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Exploring French theatre at the turn of the 20th century

  • Posted by: Laura Bang
  • Posted Date: May 31, 2011
  • Filed Under: Theatre, World

Posted for Alexandra Edwards (Falvey Memorial Library Intern and Digital Library student employee)

One of the best parts about working in the Digital Library is getting to experience, firsthand, historical materials related to your own interests. Recently, I worked on digitizing issues of a French theatre magazine, Le Théatre, from the turn of the 20th century — a project that combined my love of the stage, the French language, and fin de siècle culture.

Le Théatre gives a fascinating glimpse into French cultural life during this highly artistic time period. The magazine covered the world of French theatre and dance in-depth, and provides an intriguing primary-source look into stage conventions, costuming, set design, and theatrical celebrity.

Of particular historic interest are the articles on Loïe Fuller, the American dance sensation with no formal training who is now credited as a pioneer of modern dance as well as theatrical lighting. Videos of her performances have been preserved and are exhibited around the country to this day — I recently saw a Library of Congress video of her signature dance style at the Museum of Modern Art in New York City.

Several issues of Le Théatre mention Fuller, either in reference to the dancer herself, or to the style of dance she created, which was subsequently picked up by other performers.

The December 1898 issue devotes an entire section to Fuller, including a color cover featuring a dancer dressed and posed in the style of “La Loïe Fuller.”  After several pages of more traditional-looking ballerinas, the section on Fuller highlights the somewhat shocking, modern quality of Fuller’s style.  The dancers pictured wear long and flowing dresses which can be held up — it appears that rods have been inserted into the fabric — to give the appearance of wings.  Indeed, butterflies are pictured on many of the dresses.  A captivating action shot hints at the effect of Fuller’s twirling style in combination with the flowing costume.

The article mentions that Fuller was basically unknown a few years prior, but has since taken the dance world by storm.  The author notes that Fuller may not be the best dancer on the stage, but rather that there is a kind of magical quality to her dancing in and of itself:


Subsequent issues of Le Théatre profile “Le Théâtre de la Loïe Fuller” (August II, 1900), as well as Japanese dancer Sada Yacco, who worked closely with Fuller after the Paris Exposition Universelle in 1900 (October II, 1900).  Fuller served as Yacco’s manager and press agent, proving herself as savvy a businesswoman as she was entertainer and theatrical inventor.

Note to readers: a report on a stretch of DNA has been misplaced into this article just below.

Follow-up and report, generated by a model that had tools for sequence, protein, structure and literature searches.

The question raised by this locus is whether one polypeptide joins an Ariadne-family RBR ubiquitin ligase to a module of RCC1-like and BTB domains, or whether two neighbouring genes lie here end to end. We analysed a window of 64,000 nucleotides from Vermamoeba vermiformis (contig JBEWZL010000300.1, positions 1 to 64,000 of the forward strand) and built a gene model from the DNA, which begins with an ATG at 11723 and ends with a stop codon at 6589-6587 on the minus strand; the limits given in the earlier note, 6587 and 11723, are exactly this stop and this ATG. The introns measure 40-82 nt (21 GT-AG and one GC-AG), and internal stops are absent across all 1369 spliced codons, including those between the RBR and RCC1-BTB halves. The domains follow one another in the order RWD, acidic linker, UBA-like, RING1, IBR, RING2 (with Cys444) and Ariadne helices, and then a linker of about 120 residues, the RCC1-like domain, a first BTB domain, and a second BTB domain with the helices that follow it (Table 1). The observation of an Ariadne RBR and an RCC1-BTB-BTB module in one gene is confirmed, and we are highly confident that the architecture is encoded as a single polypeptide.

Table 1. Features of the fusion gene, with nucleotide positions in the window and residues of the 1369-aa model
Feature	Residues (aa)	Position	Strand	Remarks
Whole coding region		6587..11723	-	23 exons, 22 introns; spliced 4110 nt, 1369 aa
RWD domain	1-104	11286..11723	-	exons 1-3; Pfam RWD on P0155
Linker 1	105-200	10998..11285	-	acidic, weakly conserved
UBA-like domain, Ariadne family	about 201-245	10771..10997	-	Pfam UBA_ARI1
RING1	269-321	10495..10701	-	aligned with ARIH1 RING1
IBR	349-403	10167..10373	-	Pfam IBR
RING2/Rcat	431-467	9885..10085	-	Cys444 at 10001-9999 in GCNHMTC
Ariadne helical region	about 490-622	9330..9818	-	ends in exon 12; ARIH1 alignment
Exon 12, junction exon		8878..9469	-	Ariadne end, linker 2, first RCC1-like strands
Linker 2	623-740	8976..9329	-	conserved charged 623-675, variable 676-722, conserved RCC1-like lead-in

Seeing Fuller’s work documented in Le Théatre emphasizes both her importance in the history of dance and the necessity of preserving historical primary-source materials.  Researchers across the world can now access these documents for free, allowing them to understand, in the original historical context, the impact that Fuller made on the world of French theatre and dance.

References:

Loie Fuller.” Wikipedia: The Free Encyclopedia. Wikimedia Foundation, Inc. 23 May 2011. Web. May 2011.

Collier, Peter and Robert Lethbridge, eds.  Artistic relations : literature and the visual arts in nineteenth-century France.  New Haven: Yale University Press, 1994.  Print.

Garelick, Rhonda K. Electric Salome : Loie Fuller’s performance of modernism.  Princeton, NJ: Princeton University Press, 2009.  Print.

Holmes, Diana and Carrie Tarr, edds.  A “Belle Epoque”? : women in French society and culture, 1890-1914.  New York: Berghahn Books, 2006.  Print.

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1611 King James Bible now online

  • Posted by: Laura Bang
  • Posted Date: May 17, 2011
  • Filed Under: Partners
Engraved title page of the 1611 King James Bible.

Title page of the 1611 King James Bible.

Over the past several months we have been working on scanning, processing, and completing metadata for a very special volume from one of our partners. In January, La Salle University brought over their latest batch of items for us to digitize, which included a first edition of the King James Bible from 1611. Not only is this an exciting and important work to digitize, but it is particularly timely now as this version of the Bible celebrates the 400th anniversary of its completion.

This book proved challenging to scan in many ways. Its bulky and unwieldy size meant that for most of the process, scanning was a two-person job. The volume is also fairly tightly-bound, which meant that getting the full page was difficult at times. We were able to meet these challenges, however, and we are pleased to present the entire volume online.